DESCRIPTION OF PROGRAM SUMMARY DESCRIPTION OF PROJECT RESEARCH AND DEVELOPMENT PROGRAM PRINCIPAL INVESTIGATOR(S) Lambrecht, Nils, M.D. TITLE OF PROGRAM PROJECT (Not to exceed 72 character spaces) The gastric X/A (ghrelin) cell: A peripheral regulator of food intake KEYWORDS (MeSH terms only;minimum three) ghrelin, nucleobindin2 (NUCB2), nesfatin-1, MBOAT4, ghrelin-O-acyl transferase (GOAT), food intake, peripheral regulation, gastric mucosal X/A cell, obesity, cachexia, LPS BRIEF STATEMENT OF RESEARCH OBJECTIVES (Do not use continuation sheets) Chronic changes in body weight result in significant health problems. Appetite control is vital in body weight regulation and is controlled centrally and peripherally. Chronically increased food intake contributes to morbid obesity, chronically decreased food intake contributes to cachectic wasting as severe complication in overwhelming infections and cancer. To target those conditions a deep understanding of food intake regulation is necessary. While many food intake inhibitory peptides are released in the gastrointestinal tract, only one peptide, ghrelin, elicits feed-forward characteristics. It is the only known peripheral orexigenic peptide hormone which rises in concentration in the circulation before the central phase of food intake. We have recently begun to sub-classify the endocrine cell population of the rat gastric oxyntic mucosa and found that in addition to ECL and D cells, most of the endocrine cells in the upper and mid portion of the glands contain ghrelin. These cells appear to represent the gastric endocrine X/A-like cells. Octanoylation of ghrelin by an octanoyl transferase (GOAT) seems to be essential for its orexigenic activity while non-octanoylated ghrelin appears to have an anorexigenic effect. The cellular site of GOAT expression in gastric oxyntic mucosa has not been shown. We have also shown, that the X/A-like cell also expresses the anorexigenic protein nesfatin-1/NUCB2. This enables the X/A-like cell to signal both hunger and satiety. The release of ghrelin and nesfatin-1/NUCB2 must be independently controlled. However, specific physiological or pathological conditions to regulate the differential release of ghrelin and nesfatin-1/NUCB2 in vivo have not been studied. We propose two model conditions to study changes in ghrelin and nesfatin- 1/NUCB2 cellular expression, peptide modification and release into the circulation: a) 24 h food deprivation compared to ad libitum feeding and b) acute inflammation compared to healthy rats (peritoneal injection of gram-negative bacteriallipopolysaccharides at non-toxic doses).
Specific Aims : 1) Characterization of rat gastric endocrine X/A-like cells: Coexpression of ghrelin, nesfatin-1/NUCB2 and GOAT. 2) Effect of fasting (24 hr food restriction) and re-feeding on (a) nesfatin-1/NUCB2 concentration and ghrelin/desacyl ghrelin (DAG) ratios in rat blood plasma and on (b) mRNA and protein expression of ghrelin, GOAT, and nesfatin-1/NUCB2 in enriched rat oxyntic mucosal endocrine cells. 3) Effect of LPS and interleukin-1ss in the presence and absence of indomethacin on (a) nesfatin- 1/NUCB2 concentration and ghrelin/DAG ratios in rat blood plasma and on (b) mRNA and protein expression of ghrelin, GOAT, and nesfatin-1/NUCB2 in enriched rat oxynticmucosal endocrine cells. VAAPRFO19R9M0(R) 10-1313-2 Page 2 of VA Form 10-1313 package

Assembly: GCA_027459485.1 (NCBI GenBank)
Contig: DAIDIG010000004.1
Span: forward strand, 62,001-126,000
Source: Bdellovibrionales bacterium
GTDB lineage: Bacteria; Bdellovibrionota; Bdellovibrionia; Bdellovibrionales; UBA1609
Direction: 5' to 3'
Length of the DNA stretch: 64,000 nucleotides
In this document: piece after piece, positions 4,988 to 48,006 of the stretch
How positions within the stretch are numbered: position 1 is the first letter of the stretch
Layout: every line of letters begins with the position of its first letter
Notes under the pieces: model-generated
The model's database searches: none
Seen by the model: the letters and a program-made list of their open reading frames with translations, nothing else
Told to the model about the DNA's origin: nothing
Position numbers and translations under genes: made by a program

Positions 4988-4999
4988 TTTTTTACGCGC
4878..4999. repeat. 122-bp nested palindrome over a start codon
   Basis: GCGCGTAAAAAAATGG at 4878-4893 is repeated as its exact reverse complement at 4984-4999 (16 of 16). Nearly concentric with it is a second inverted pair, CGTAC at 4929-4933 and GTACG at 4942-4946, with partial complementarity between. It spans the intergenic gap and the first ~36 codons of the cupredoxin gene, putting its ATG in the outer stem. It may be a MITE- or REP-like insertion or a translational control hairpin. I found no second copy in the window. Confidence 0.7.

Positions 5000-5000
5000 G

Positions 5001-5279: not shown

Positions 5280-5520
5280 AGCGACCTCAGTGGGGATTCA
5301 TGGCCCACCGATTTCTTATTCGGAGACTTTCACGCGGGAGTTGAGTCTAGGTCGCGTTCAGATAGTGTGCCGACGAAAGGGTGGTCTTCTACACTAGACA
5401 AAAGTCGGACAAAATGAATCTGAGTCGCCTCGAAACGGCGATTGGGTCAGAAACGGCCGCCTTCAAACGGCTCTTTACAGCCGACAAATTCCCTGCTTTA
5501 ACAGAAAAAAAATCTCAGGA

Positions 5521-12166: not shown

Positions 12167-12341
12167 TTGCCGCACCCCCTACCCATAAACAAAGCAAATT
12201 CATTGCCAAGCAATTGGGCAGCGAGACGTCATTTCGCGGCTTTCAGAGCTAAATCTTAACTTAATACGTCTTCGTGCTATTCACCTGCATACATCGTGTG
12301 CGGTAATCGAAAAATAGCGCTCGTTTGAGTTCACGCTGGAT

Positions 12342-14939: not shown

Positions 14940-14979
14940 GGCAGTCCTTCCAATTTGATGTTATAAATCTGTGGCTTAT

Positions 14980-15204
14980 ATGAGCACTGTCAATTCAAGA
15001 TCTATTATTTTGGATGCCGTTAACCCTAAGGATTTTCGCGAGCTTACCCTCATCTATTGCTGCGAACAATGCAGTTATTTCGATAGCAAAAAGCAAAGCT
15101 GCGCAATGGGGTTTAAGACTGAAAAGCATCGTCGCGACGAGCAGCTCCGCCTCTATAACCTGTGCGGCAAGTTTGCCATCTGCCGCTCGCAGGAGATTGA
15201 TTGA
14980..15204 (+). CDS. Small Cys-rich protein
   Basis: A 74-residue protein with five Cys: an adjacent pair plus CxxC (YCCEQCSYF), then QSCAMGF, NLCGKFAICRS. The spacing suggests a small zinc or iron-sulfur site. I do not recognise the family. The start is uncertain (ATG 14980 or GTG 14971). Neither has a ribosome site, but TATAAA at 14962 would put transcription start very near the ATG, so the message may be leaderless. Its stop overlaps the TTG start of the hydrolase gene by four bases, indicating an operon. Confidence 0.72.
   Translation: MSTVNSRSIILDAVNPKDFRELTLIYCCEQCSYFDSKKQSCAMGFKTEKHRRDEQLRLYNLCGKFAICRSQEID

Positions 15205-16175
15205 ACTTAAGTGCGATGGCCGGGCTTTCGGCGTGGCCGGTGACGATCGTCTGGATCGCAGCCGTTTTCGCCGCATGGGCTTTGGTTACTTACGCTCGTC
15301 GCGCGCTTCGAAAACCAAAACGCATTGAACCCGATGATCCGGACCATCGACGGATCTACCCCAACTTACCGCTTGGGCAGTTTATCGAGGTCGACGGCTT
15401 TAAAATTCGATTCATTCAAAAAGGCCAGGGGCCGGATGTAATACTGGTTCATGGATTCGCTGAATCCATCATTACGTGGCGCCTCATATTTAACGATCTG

Project narrative: Dysregulation of body weight is associated with significant mortality in the United States and world wide. Obesity-attributable medical expenditures are estimated at $75 billion in 2003. Cachexia is a significant contributor to the overall increased morbidity and mortality in patients with overwhelming infections, and in patients with chronic inflammation and cancer, affecting up to 85% of patients with gastrointestinal malignancies. The mechanisms leading to the sensation of appetite and the release of gastrointestinal hormones in response to meal stimuli play an important role in the regulation of body weight homeostasis. A complete understanding of this mechanism will improve the quality of life in our veteran patients by preventing serious medical complications. It appears to us, that acute control of food intake and long-term maintenance of body weight are regulated by a concerted action of sensing peripheral nutrient status and energy metabolism to the brain which integrates the signals with central inputs of circadian rhythm and psychological stressors. One of the peripheral regulators of food intake appears to be the X/A- like cell of the gastric oxyntic glands. The proposed studies aim to show, that this cell appears to have mechanisms in place to acutely stimulate or inhibit food intake by opposing actions of released ghrelin or nesfatin- 1/NUCB2. The cell is also in a perfect anatomic location, to sense acutely, when nutrients become available. Postprandial nutrient exposure of the X/A-like cell may result in a rapid down-regulation of ghrelin release and in down regulation of expression or enzymatic activity of the acylating enzyme of ghrelin, GOAT. This may result in a further decrease of n-octanoyl- ghrelin with concurrent increase in des-acyl ghrelin concentration leading to the central sensation of satiety. Another fail-safe mechanism of this cell to confer satiety is the increased release of the anorexic peptide NUCB2/nesfatin-1, a mechanism in concert with other anorexic peptide hormones of the gut. Acute dysregulation of these physiological endocrine responses may cause declining food intake in states of inflammation in the body caused by infections or cancer;chronic dysregulation may represent one of the changes occurring in the pathophysiology of obesity. The present proposal will attempt to elucidate the exact cellular and molecular mechanisms related to this effect and may result in clinical targets to control body weight. Given that the VA Medical Care System is the largest of its type in the USA, and that the 158 medical facilities include over 5 million patients, strategies to reduce the incidence of obesity and cachexia related morbidity and mortality are likely to have a beneficial impact not only on patient care through prevention but result in significant savings in resources that could be better spent on other aspects of veteran healthcare. The proposed studies will address important pathophysiological questions regarding the mechanisms regulating appetite and satiety as well as provide potentially important clinical treatment strategies.